A road with a reputation
There's no arguing against the statement that Veterans Memorial Highway — a 40-plus kilometre, twolane highway completed less than a decade ago that allows motorists to quickly bypass the many communities in Conception Bay North — has helped change the region's economic and social landscape.
Starting at the Trans-Canada Highway with an overpass near Colliers Big Pond and winding it way north towards Carbonear, running basically parallel with Route 70, or what people now refer to as the old Conception Bay Highway, the highway is a valuable addition to the province's road network.
The evidence is in the fact that communities in the region are growing, and there's obvious prosperity.
Veterans highway is an important factor in this growth, and here's why. Area residents have never had easier access to the many employment and business opportunities in the St. John's region. For most, the capital city's downtown is about an hour away, and once you leave Veterans highway, you're travelling on a four-lane-divided highway that can take you all the way to the city's east end.
Many have joked that the Bay Roberts area has become a suburb of St. John's, with hundreds of vehicles making the daily commute east in the morning, and back home again in the evening. And it's now common to find people who live in Harbour Grace or Victoria, but make their living in St. John's.
We all agree the highway was much-needed. But right from Day 1, it's design has come in for criticism and ridicule from those who use it. The most obvious criticism is the intersection at North River, which has only two ramps connecting it with the highway instead of four. It's created a situation where motorists routinely make illegal u-turns in order to go north towards Bay Roberts, or enter North River when travelling south towards the TCH.
And those concerns now seem to be increasing, along with the volume of traffic and the number of accidents.
In this week's edition of The Compass, we hear from the owner of a driving school in Bay Roberts who was prompted to voice her concerns following a deadly accident near the Makinsons/Hodgewater Line overpass earlier this month. A 60-year-old trucker from Bay Roberts died in the crash.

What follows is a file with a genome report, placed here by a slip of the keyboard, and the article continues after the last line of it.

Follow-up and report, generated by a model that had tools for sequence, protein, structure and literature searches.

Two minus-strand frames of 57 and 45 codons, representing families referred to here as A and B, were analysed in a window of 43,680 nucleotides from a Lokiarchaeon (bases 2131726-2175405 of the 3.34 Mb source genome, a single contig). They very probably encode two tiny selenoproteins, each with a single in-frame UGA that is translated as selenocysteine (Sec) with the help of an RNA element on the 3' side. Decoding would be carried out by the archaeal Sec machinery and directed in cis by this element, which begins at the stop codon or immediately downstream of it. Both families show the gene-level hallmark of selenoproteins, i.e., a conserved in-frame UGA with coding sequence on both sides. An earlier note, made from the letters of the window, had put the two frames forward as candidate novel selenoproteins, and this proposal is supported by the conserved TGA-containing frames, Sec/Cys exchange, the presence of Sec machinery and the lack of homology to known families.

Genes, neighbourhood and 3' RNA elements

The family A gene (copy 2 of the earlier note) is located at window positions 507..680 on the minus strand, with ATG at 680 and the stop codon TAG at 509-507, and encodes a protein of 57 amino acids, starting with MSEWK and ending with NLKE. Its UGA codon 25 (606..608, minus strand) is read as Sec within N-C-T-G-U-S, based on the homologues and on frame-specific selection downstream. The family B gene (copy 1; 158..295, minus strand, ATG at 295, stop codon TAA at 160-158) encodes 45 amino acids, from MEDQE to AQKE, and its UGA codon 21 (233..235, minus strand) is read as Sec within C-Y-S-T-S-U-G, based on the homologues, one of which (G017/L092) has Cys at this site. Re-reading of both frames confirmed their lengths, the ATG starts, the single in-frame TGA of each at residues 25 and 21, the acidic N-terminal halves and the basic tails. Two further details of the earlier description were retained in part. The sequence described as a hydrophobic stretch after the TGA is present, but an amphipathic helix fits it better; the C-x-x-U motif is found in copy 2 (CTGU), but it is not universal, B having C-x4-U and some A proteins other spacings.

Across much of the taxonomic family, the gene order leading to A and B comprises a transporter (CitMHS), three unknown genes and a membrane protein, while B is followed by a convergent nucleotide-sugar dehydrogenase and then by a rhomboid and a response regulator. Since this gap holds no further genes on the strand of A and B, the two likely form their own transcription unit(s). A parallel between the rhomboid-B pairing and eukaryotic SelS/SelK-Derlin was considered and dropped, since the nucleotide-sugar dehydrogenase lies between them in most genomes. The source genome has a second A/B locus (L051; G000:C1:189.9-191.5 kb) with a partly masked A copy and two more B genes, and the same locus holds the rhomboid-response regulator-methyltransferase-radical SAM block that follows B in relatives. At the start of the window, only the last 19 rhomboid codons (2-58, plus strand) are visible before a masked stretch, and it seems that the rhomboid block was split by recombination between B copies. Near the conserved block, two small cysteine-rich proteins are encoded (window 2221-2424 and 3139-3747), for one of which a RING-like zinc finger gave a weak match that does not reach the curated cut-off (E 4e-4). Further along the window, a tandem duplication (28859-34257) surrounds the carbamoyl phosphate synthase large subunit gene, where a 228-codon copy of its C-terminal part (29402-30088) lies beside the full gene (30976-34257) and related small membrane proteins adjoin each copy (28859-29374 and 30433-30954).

She asserts the highway is unsafe, below standard and does not help drivers make good decisions when travelling its windy, hilly asphalt. She complains about broken yellow lines in inappropriate locations, dangerous t-intersections at places such as Spaniard's Bay and Harbour Grace, a lack of passing lanes and ruts in the road that causes hydroplaning in wet conditions.
When someone who's profession is driver education speaks with such conviction and frustration on an issue like this, we should listen carefully. To have her point out so many flaws and shortcomings in the highway can be quite jarring for the average motorist who sees the road as nothing more than a route to take you from Point A to Point B.
But don't expect contracts for the construction of passing lanes and new overpasses to be awarded anytime soon. Both the provincial government and the RCMP say the road is fine, and it's motorists who need to take a closer look in the mirror and evaluate their driving habits.
Perhaps that's the best we can expect at a time when demands for road improvements throughout the province are high, and the province is already spending record amounts — more than $230 million this year alone, according to Transportation Minister Tom Hedderson — on road construction and upgrades.
So perhaps the best thing to do is use these latest complaints as a wake-up call for those of us who use the highway. Let's ponder some of these questions: Is it really necessary to pass on that solid yellow line? Do we need to drive the maximum speed limit of 100 km/h when it's dark and/or raining? Are your tires worn out? And are you being responsible if you drive well below the posted speed limit during ideal driving conditions, causing a back-log of frustrated drivers behind you?
Sure, Veterans highway is not perfect, and it likely never will be. So those of us who use it have a duty and a responsibility to make prudent driving choices. Terry Roberts The Compass